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Travelling Texts: J.M. Coetzee and Other Writers

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Robert Kusek and Bozena Kucala

Travelling Texts: J.M. Coetzee and Other Writers is a collection of essays on mutual influences and inspirations between authors, with a special focus on J.M. Coetzee. Bringing together a group of international scholars, the book offers a wide range of perspectives on how canonical and less canonical texts travel between literatures and cultures. Chapter One is devoted to connections between Coetzee’s writings and Polish literature and theatre. Chapter Two is concerned with Dostoevsky’s presence in his fiction. The essays in Chapter Three identify and analyse connections and inspirations between Coetzee and other European writers, with a special focus on Central Europe as a distinct cultural entity. The collection’s scope is extended by the essays in Chapter Four, which deal with several writers for whom Africa has been a source of inspiration.
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Writing from a Middle World: Perspectives on, and from, South Africa

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Introduction

In his acceptance speech for the CNA Prize for his novel Waiting for the Barbarians in 1979, J.M. Coetzee asked the question whether one can “call South African literature in English a national literature” (in Kannemeyer 2012: 356). He concluded that, in relation to the metropolitan centres of Western Europe and North America, it could at best only ever be a provincial literature – but that this did not mean that it was inferior, he said: “A provincial literature is not necessarily minor. Russian literature of the age of Dostoevsky and Tolstoy is provincial and major” (ibid. 356–357). In this essay I would like to reconsider this question, with reference to three South African writers each of whom is recognised as a major national – and international – literary figure: the Afrikaans poet, Breyten Breytenbach, who has won every prestigious Afrikaans literary award, but whose prose works are mostly in English, and the Nobel laureates, Nadine Gordimer and J.M. Coetzee himself. I would like to compare their relations to the country of their birth, and show how each of them imaginatively inhabits a “middle world” in texts that travel between and across nations and cultures, including those of Central and Eastern Europe.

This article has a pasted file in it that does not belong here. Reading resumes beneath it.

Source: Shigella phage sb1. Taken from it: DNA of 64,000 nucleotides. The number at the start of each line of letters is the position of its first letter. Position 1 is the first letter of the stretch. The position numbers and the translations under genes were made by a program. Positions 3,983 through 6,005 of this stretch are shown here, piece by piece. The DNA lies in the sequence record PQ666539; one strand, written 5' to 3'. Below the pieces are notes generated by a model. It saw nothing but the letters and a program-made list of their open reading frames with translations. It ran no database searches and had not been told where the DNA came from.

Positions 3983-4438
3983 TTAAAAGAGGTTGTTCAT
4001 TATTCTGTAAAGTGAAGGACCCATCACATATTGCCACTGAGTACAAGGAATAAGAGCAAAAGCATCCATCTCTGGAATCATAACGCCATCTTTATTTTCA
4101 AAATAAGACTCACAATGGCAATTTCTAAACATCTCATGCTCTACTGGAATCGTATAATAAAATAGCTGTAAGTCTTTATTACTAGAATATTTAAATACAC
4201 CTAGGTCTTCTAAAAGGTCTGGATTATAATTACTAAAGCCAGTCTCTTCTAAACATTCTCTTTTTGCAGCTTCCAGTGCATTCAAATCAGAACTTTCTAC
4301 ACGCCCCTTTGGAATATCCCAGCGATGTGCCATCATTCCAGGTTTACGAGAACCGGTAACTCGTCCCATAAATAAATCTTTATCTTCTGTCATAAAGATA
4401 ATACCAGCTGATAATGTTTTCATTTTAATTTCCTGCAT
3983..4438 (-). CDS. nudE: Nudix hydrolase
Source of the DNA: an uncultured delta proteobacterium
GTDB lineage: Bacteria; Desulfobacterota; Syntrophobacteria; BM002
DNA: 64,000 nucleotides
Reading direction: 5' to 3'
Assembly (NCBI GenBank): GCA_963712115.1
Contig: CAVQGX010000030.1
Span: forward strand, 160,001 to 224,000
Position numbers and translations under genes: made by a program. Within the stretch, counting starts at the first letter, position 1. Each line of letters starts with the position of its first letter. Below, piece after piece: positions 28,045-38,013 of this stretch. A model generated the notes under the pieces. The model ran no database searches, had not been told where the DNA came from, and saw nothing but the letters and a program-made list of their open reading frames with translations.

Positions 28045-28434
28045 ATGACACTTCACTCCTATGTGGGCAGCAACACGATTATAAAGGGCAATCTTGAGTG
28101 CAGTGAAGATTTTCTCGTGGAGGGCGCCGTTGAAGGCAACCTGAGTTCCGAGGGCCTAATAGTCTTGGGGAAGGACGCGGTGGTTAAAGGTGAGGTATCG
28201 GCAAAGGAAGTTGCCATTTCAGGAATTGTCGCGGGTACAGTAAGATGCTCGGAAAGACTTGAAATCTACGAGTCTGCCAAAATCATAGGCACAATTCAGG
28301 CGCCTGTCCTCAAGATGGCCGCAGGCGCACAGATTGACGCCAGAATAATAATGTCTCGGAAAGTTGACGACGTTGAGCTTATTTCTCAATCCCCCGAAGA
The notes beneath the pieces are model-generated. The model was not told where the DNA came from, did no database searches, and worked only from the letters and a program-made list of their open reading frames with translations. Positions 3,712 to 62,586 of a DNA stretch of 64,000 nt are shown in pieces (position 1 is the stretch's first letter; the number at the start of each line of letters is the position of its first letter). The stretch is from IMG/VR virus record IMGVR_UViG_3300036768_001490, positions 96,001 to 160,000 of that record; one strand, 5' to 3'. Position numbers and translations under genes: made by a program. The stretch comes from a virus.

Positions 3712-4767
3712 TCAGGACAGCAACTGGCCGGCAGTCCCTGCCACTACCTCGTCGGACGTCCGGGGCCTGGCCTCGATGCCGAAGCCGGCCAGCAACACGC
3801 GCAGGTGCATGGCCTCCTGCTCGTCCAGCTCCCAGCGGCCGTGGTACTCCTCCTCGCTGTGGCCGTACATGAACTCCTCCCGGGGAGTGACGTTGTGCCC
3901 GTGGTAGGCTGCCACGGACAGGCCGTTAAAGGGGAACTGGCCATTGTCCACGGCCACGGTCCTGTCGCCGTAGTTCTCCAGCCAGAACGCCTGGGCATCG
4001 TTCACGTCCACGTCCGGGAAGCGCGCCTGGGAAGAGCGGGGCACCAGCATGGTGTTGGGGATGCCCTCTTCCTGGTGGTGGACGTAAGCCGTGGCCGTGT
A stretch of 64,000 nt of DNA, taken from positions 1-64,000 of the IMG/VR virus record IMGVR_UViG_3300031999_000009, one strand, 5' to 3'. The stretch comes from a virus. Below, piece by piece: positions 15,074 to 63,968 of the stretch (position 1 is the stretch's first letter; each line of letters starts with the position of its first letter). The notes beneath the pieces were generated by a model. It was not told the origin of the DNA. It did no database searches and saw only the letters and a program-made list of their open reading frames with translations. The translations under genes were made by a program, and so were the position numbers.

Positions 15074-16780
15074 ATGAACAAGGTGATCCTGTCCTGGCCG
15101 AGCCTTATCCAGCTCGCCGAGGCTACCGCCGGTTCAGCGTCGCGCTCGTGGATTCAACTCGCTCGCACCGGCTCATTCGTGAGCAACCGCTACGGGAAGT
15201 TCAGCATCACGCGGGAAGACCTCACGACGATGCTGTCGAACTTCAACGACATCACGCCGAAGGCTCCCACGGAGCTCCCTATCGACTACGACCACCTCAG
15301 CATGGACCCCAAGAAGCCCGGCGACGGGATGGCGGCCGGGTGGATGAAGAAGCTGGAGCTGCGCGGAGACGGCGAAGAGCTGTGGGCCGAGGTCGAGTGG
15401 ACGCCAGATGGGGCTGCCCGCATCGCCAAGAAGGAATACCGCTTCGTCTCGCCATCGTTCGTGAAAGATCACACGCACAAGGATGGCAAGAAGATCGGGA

Breyten Breytenbach and inter-nationalism

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